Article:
Mindful Health And The Power Of Possibility
In the 1970s my colleague Judith Rodin and I conducted an experiment with nursing home residents.1 We encouraged one group of participants to find ways to make more decisions for themselves. For example, they were allowed to choose where to receive visitors, and if and when to watch the movies that were shown at the home. Each also chose a houseplant to care for, and they were to decide where to place the plant in their room, as well as when and how much to water it. Our intent was to make the nursing home residents more mindful, to help them engage with the world and live their lives more fully.
A second, control group received no such instructions to make their own decisions; they were given houseplants but told that the nursing staff would care for them. A year and a half later, we found that members of the first group were more cheerful, active, and alert, based on a variety of tests we had administered both before and after the experiment. Allowing for the fact that they were all elderly and quite frail at the start, we were pleased that they were also much healthier: we were surprised, however, that less than half as many of the more engaged group had died than had those in the control group.
Over the next several years, I spent a lot of time thinking about what had happened. READ MORE + AUDIO
[I]t becomes tougher to meet the three conditions that sociologists since the 1950s have considered crucial to making close friends: proximity; repeated, unplanned interactions; and a setting that encourages people to let their guard down and confide in each other, said Rebecca G. Adams, a professor of sociology and gerontology at the University of North Carolina at Greensboro. This is why so many people meet their lifelong friends in college, she added. READ MORE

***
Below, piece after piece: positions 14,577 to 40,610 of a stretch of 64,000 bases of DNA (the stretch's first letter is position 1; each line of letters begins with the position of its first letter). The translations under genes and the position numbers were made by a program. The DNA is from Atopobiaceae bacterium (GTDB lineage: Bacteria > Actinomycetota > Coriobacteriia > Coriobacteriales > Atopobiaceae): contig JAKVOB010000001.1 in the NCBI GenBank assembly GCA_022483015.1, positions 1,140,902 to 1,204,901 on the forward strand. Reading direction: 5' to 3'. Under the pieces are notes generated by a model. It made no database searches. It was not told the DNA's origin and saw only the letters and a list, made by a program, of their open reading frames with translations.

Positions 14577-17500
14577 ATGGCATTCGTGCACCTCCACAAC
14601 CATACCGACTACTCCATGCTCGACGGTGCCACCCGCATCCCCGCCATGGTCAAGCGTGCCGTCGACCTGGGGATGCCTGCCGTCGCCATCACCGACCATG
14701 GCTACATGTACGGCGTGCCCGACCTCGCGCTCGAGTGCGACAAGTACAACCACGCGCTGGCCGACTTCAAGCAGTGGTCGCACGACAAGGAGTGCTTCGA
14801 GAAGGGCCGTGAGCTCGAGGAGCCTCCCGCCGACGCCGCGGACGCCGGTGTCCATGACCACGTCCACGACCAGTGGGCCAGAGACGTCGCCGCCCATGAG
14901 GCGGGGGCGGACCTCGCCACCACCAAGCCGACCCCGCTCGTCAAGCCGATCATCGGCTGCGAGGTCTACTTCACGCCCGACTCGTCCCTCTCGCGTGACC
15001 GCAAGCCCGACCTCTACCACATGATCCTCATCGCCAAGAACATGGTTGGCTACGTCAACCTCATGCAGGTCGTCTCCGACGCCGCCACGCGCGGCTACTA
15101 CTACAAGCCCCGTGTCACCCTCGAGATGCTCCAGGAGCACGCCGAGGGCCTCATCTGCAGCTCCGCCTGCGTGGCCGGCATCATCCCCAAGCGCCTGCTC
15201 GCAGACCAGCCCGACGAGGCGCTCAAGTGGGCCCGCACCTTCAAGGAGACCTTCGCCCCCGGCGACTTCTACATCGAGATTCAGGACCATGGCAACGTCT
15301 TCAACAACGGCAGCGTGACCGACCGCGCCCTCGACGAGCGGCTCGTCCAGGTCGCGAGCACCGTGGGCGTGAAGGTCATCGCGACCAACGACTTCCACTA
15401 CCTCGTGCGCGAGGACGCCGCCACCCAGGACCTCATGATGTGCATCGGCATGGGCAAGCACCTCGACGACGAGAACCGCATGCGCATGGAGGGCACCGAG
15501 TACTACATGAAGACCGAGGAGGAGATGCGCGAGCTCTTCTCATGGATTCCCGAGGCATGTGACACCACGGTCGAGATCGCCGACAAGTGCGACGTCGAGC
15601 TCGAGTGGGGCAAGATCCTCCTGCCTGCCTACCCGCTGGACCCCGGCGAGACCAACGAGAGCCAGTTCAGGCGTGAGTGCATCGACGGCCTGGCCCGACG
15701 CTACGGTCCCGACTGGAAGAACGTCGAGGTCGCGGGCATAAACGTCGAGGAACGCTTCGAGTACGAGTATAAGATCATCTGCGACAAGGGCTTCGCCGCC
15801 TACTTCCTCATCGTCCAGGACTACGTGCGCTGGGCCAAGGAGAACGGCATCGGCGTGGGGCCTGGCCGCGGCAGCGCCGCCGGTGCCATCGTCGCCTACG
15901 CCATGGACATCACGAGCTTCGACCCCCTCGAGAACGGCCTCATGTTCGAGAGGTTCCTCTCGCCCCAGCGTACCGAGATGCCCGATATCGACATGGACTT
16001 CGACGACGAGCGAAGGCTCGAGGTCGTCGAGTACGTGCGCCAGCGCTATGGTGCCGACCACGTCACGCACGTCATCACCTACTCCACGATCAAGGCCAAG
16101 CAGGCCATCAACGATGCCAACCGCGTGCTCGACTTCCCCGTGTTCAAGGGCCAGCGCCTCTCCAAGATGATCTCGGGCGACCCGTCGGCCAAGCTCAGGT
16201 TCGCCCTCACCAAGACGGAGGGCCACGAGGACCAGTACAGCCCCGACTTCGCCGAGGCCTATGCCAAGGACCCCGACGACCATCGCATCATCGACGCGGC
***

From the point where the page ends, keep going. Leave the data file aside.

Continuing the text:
Artists, designers, and programmers are different, difficult, and–depending on your strategy–delightful.
Great talent is special and you should respect it. There’s a popular belief that creativity is inherently childlike, that creative people are infants who need to “learn” and not be spoiled. This is wrong. Trying to fit superstars into a box is counter-productive, perverse, and doomed. But don’t go to the other extreme and treat these individuals as though they’re made of glass. They’re tough–maybe tougher than you are–and know their worth. What they most want is respect.
Creatives aren’t interested in rules for their own sake and may be highly driven to break them. READ MORE
After being betrayed, most of us want two things, usually at the same time. We want to wound the person who hurt us—as deeply and as excruciatingly—as we’ve been wounded, and we want to rise above the situation and offer that person forgiveness. But neither of these tactics work. Wounding words tend to boomerang and make you feel as terrible as the person you wanted to hurt. Forgiveness, especially if halfhearted, tends to come off as condescension.
There are actions, though, that you can take to can heal yourself. READ MORE
What’s on Charlie Rose? Authors Phil Stutz and Barry Michels discuss their groundbreaking book, The Tools: Transform Your Problems into Courage, Confidence, and Creativity, on personal growth that presents a uniquely effective set of five tools that bring about dynamic change. READ MORE, SEE VIDEO